Everything you always wanted to know about gene drives

OLYMPUS DIGITAL CAMERAMosquito nets are not enough, vaccines are late to come, land reclamation in Africa is a challenge. But there is a new hope for defeating malaria, coming directly from the most advanced CRISPR frontier. The trick is a kind of genetic chain reaction fuelled by genetic elements called “gene drives”. Researchers are experimenting their power with the aim of crashing the number of mosquitoes responsible for Plasmodium transmission, by spreading genes that are bad for Anopheles gambiae. A gene behaving in Mendelian way has a 50% chance of being passed on from parent to offspring, but it can virtually reach 100% with a little help from a drive. Thus a gene designed to damage a harmful species can propagate within a few generations with a domino effect, until the population collapses. One of the founders of this futuristic strategy is an Italian molecular parasitologist: Andrea Crisanti, of the London Imperial College. We asked him to explain times and ways, strengths and risks of this approach. Continue reading

CRISPRing future harvests at DuPont

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CRISPR is set to make its commercial debut in maize fields in 2020. The honor (and burden) of probing the market, as the first product developed with the revolutionary technique for genome editing, is up to a kind of corn called waxy for the appearance of its kernels. Its starch is almost entirely amylopectin and almost zero amylose. Conventional waxy varieties already available to farmers have some yield drag due to the undesirable genetic baggage introduced by breeding. Conversely, DuPont Pioneer researchers created a waxy version of their best corn without yield drag or foreign DNA by editing out a gene for an enzyme that produces amylose. Amylopectin is used for the production of goods such as paper adhesives and food thickeners. What remains after its extraction is a protein flour that can be employed as feed. It may sound like a low-profile debut for the celebrated genome editing technology that is asked to succeed where GMOs have failed: gaining consumer confidence. But this is a deliberate strategy, as explained below by Neal Gutterson, DuPont Pioneer’s vice president of R&D. Continue reading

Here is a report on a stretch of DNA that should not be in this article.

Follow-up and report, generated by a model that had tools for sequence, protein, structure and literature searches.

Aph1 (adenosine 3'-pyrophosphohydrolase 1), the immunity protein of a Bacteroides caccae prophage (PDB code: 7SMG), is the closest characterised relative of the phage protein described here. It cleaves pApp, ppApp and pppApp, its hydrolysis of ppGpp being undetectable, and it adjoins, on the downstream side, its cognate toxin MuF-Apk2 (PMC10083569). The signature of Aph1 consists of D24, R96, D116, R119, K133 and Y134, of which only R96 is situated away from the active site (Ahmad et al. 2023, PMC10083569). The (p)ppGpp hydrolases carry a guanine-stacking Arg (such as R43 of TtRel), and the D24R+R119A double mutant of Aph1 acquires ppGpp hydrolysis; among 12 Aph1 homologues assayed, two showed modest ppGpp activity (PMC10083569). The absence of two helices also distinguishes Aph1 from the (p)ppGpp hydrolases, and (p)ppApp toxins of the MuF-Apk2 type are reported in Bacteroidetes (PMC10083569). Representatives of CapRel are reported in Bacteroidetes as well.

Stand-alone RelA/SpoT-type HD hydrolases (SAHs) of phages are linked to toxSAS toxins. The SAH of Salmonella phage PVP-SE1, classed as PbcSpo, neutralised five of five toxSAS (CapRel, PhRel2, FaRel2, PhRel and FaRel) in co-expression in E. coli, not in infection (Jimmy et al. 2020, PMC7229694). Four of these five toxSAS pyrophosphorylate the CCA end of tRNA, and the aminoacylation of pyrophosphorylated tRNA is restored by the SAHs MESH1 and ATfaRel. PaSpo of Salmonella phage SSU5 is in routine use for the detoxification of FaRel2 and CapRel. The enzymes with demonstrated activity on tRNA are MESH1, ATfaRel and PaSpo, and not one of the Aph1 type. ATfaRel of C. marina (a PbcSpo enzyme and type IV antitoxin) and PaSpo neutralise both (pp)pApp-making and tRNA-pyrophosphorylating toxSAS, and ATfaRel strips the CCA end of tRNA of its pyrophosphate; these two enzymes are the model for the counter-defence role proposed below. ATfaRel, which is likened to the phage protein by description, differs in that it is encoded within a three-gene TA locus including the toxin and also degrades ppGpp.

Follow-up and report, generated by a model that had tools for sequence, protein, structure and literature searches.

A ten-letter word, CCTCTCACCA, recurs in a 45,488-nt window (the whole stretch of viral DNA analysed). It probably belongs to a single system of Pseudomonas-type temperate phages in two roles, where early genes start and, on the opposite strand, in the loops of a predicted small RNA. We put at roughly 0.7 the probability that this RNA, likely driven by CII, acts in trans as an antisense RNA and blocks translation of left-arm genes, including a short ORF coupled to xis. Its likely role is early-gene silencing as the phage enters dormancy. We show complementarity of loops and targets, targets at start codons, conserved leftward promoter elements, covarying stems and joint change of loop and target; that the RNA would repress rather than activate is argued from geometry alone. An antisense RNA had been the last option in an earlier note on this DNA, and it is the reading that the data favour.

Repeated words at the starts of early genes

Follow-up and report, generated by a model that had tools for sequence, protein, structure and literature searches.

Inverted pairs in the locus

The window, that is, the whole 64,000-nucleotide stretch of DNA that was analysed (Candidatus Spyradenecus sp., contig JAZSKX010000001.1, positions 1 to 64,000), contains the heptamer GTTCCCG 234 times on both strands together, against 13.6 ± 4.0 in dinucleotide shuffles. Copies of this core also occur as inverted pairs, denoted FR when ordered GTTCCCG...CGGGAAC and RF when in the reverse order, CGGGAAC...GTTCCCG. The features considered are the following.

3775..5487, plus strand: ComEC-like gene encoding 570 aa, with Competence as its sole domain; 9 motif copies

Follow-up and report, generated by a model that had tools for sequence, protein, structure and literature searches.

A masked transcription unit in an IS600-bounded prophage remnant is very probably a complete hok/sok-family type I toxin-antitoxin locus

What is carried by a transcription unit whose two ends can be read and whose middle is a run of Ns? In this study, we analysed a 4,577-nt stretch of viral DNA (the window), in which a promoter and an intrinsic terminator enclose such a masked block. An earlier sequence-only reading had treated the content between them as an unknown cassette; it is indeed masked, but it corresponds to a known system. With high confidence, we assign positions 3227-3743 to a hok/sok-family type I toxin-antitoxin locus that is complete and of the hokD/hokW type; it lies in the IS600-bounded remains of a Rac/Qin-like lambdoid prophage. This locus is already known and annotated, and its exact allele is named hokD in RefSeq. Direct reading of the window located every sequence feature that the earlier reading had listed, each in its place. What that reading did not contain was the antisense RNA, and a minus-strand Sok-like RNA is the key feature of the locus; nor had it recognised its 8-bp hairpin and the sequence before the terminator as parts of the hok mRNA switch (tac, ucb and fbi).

Gene therapy meets CRISPR

gene therapyThe aim is engaging: to treat an increasing number of diseases by correcting the underlying genetic defects. And researchers are breathing optimism at last. The San Raffaele Telethon Institute for Gene Therapy (SR-Tiget) in Milan has already treated 58 patients (including ADA-SCID, leukodystrophy, Wiskott-Aldrich syndrome and beta-thalassemia) and the count is approaching 300 worldwide. Moreover the promise of genome editing is looming on the horizon. We discussed the present and future of the field with the SR-Tiget director Luigi Naldini, who contributed to the latest report on human genome editing published by the US National Academies of Sciences and Medicine. Continue reading

CRISPR in RNA Wonderland

doudna_crispr_wide-cb9478286d39615ed64291ea95d4cfe022596aa2-s900-c85This week our journey among leading labs takes us to meet a pioneer of gene silencing. Pino Macino contributed to the birth of RNA interference, a field awarded a Nobel prize in 2006, and teaches cell biology at Sapienza University of Rome.  He thinks CRISPR is a great leap forward in understanding the function of genes. Continue reading

Is Italy’s agriculture ready for CRISPR?

viteGenome editing seems tailored for Italian agriculture as DNA can be modified without introducing foreign sequences and without destroying the legal identity of traditional cultivars. CRISPR could help developing plants more resistant to diseases, for example, avoiding at the same time bureaucracy and public perception problems that have slowed the adoption of GMOs. The stakes are high but some hurdles stand in the way. We have interviewed  Michele Morgante, geneticist from the University of Udine and President of the Italian Society of Agricultural Genetics.    Continue reading

Is CRISPR feminine in Latin languages?

crispr acronimo

CRISPR is on the lips of every science enthusiast nowadays, but are we correctly using this acronym? How do Latin languages assimilate hitech neologisms from English? Italian, like French and Spanish, virtually lacks the neutral gender. As a result new words referring to inanimate objects is problematic for non-anglosaxon speakers when forming an agreement with articles, pronouns or adjectives. The author of this blog is Italian and uses CRISPR as a feminine noun, am I right? If so, why is “laser” masculine in Latin languages? If the two technologies could switch their gender, would it affect how they are perceived? I asked for an opinion the Accademia della Crusca, which is the leading institute in the field of research on the Italian language. They asked Anna Thornton, from L’Aquila University, to answer these questions. First of all she stresses that there are no infallible rules in grammatical gender assignment, only trends.  Continue reading